O. T discussed on Sean Hannity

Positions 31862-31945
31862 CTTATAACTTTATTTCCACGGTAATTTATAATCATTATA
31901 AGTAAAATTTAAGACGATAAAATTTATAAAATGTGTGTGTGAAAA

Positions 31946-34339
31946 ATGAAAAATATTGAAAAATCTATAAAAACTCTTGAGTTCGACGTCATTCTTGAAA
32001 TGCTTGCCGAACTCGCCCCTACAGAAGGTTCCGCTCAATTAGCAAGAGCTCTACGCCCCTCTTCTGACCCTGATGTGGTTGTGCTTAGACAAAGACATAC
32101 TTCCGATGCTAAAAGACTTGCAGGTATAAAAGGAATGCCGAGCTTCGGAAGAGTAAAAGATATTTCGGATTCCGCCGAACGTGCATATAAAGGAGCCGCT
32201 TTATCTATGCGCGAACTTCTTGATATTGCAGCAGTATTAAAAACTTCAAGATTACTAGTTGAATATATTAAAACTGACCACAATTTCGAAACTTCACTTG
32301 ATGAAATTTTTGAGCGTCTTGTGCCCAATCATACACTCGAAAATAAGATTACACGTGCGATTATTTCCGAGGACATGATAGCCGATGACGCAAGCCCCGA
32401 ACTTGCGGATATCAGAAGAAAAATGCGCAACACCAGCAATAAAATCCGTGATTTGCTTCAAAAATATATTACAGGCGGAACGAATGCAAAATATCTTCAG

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It's pretty hard to get a reckoning on the number of devices that are connected to the internet but it's a lot according to statistica by the end of two thousand eighteen there were twenty three point fourteen billion internet of things devices connected to the network of networks in some fashion that same site estimates that by twenty twenty five there will be more than seventy five billion I O. T. gadgets connected to the internet but that's just one estimation and other sources have different numbers there is something that's in common with all those different numbers they're all rain real big so they may not all specifically agree on how many billion devices are connected to the internet but they all agree that it is many billion and it's just gonna get bigger to support all those devices providers have to build out network capacity otherwise you would find it impossible to use your phone because they're too many doorbells cameras thermostats and refrigerators connected to the networks actually to be fair that's a bit of an over simplification because the way we tend to connect devices to the internet through stuff like local area networks and routers and ignore stuff like the specific frequency bands of the devices and systems are using but the point is pretty valid you get to a point where networks whether they are local or wide area or the internet itself end up getting congested now you've likely heard about Verizon or AT&T talking up some other technologies as five G. but five G. as a fully mature technology has not really rolled out yet as a recording this podcast in February two thousand nineteen and we're probably not going to see any real serious widespread deployment until twenty twenty they'll be some in twenty nineteen some pilot programs but as far as national coverage we may be looking at twenty twenty maybe twenty twenty one even then it's going to be a gradual rollout is going to take time to reach a lot of different service areas dense urban environments will get it first most likely but the further out you are from one of those the longer it may take before you get this coverage so it's going to be a few years before most of us can regularly take advantage of five G. and on top of that it's going to take another few years for developers to create the apps and services that will give value to the five G. technology I say this pretty confidently because that's how it's on rolled in previous generations when four G. came out in twenty ten it took about three years for services like video calls to really mature and take advantage of four G. technology which makes sense you know it takes a few years for developers to figure out how they can best leverage the platform so what is going on with these five G. claims from eighteen T. and Verizon well it's largely marketing speak degree more so with eighteen T. than Verizon but I'll explain I think is this episode is making clear the whole wireless generation thing is super confusing to the average person on the one hand these companies are offering up technologies and services that push beyond the median experience of four G. on their networks on the other hand they're doing so with technologies that are not completely five G. so you can think of it as saying that the tech gives users access to five G. speeds but isn't actually fully five G. itself so let's start with eighteen T. the company's marketing some of its advanced four G. phones as five G. and the easy stands for evolution but these five G. E. phones won't actually support five G. wireless communication and that's what has some folks upset the implication is that these phones will run on frequencies and networks that enable really strong data transfer rates but that's not the same thing is running on actual five G. technology instead five G. is really L. T. E. advanced it is capable of supporting data transfer speeds of around forty megabits per second to be fair to eighteen T. this isn't an unprecedented marketing move T. mobile did the same thing when it rolled out and H. S. P. A. plus technology this was a three G. technology that rolled out but it was much faster than the older three G. technology T. mobile had previously deployed so the company decided to market it as four G. even though the technical specification meant it was still three G. eighteen T. by the way back in those days criticized T. mobile for doing this and saying that they made things less transparent and less understandable to customers but then eighteen T. did the same thing with his own HSPA plus network and said that that was also four G. so yes and people wonder why these topics are so difficult to explain even without this marketing misinformation it's hard to talk about this stuff Verizon by the way their five G. offering isn't for phones it's instead for home networks so this is a home network solution instead of getting say fiber to your house or copper and many cases I'm still running on copper I don't have fiber optics at my house yet dozens of five G. offering is also not true five G. but it's a lot closer to it than eighteen T. as it's using some of the technologies that are part of the five G. approach so it has lower latency and has pretty good data transfer rates but it does not use the five G. in our communications standard instead it relies upon a communication standard that Verizon itself made called five G. T. L. ventrally Verizon plans to switch over to the industry agreed upon upon standard of in our that's gonna require Verizon to actually switch out physical equipment at different stations around its service area so it's going to be a big investment on the part of the company so I guess Verizon was weighing decisions does it goes forward rolling out this sort of temporary patch knowing that's going to have to undo that work in the future to upgrade to in our standards at or does it wait and try to just move with the industry to adopt in our the benefit of going forward is that you get an early hit at those consumers who want to have those five G. features as soon as they possibly can but the danger is you're going to have to spend a lot of money to change out all that equipment Verizon for its part is said they're not going to pass those costs down to customers they're not going to see a big bump in their subscription fees in order for Verizon to go in and change out all this equipment once it's once the company has decided that the in our standard is established enough for them to make this change there's also no guarantee of when that'll happen so a lot of unanswered questions still all right well I put it off as long as I possibly could but it is time to talk about what actually will make five G. work I'm gonna do this from a very very high level bird's-eye view is probably too low of an altitude let's say a satellite view of the technology so like earlier generations of cellular technology five G. networks have cell sites that cover a territory the territory is divided up into sectors moving through sectors needs to be seamless for the end user so for me in near whenever we're moving around we want to make sure that we don't notice when we pass from one sector to the next if I'm on a phone call with you and I happen to be riding in the back of the car and I'm not really concerned with how irritating it might be for me to be on a phone conversation while someone else is driving I'm chatting with you I don't want there to be any interruption in our phone call as the car travels from one side of the city to the other and while it's doing that it's going to be passing through these sectors this was sort of the basis of the cellular technology approach this idea that there needs to be this this handshake in between cell towers that allows the seamless transition of a call from one tower to the next and it's a pretty complicated technology have talked about in previous episodes of tech stuff so we're not going to go into more detail but just to say that five G. is built on that same sort of foundation this idea of cells that represent a certain area of service and that those cells can hand off service to neighboring cells as a person is moving through the different sectors so an important part of the technology the cell sites have to connect to a network backbone they they themselves are just magical conversation held telecommunications points they have to connect to a a a larger communications network that that connection can be wired or it can be wireless five G. will use wider bandwidths of frequencies than four G. dead but the encoding for data across the five G. networks is similar to that of four G. it's called OFDM but there's really no need for us to get into that too deeply it gets way too technical and it becomes nearly impossible to talk about without visual aids it's just important remember this is the methodology by which five G. will convert data into signals and then from signals back into data I know that signals are kind of a kind of data but you do understand what I mean that's for the transmission of that data five G. is going to run on two bands of frequencies that are on either side of six gigahertz but by other either side I mean significantly on either side of six gigahertz six gigahertz is kind of the dividing line between them so hertz is one wave cycle per second so if you have a a wave that's going at one hurts it means it takes a full second for one wavelength to pass through a given point you've identified a point you're measuring how many radio waves past that point in one second you can't one that's one hurts six gigahertz would be a frequency in which six billion that wave it cycles past a given point every second the low frequency networks will operate within existing wifi and cellular bands so at that wavelength signals can travel the same distance as what we use today the nice thing about that means you don't have to build out a ton of new cells to get the same coverage you could actually add equipment to existing cell towers to support five G. because you can transmit just as far as you could with the four G. of methodology however those frequencies are able to carry quite as much data on them as the high frequencies ones can so you won't get waraysi fast or crazy huge data transfer rates they would still probably be better than four G. but not the end Norma's incredible potential ones we've heard about but we would still probably see data transfer rates that are twenty five to fifty percent better than LTE however the high frequency five G. tech is a different story it will rely on millimeter wave frequencies around the twenty eight and thirty nine gigahertz bands because that's where there's a whole lot of space for big communications channels they can carry huge amounts of data very quickly.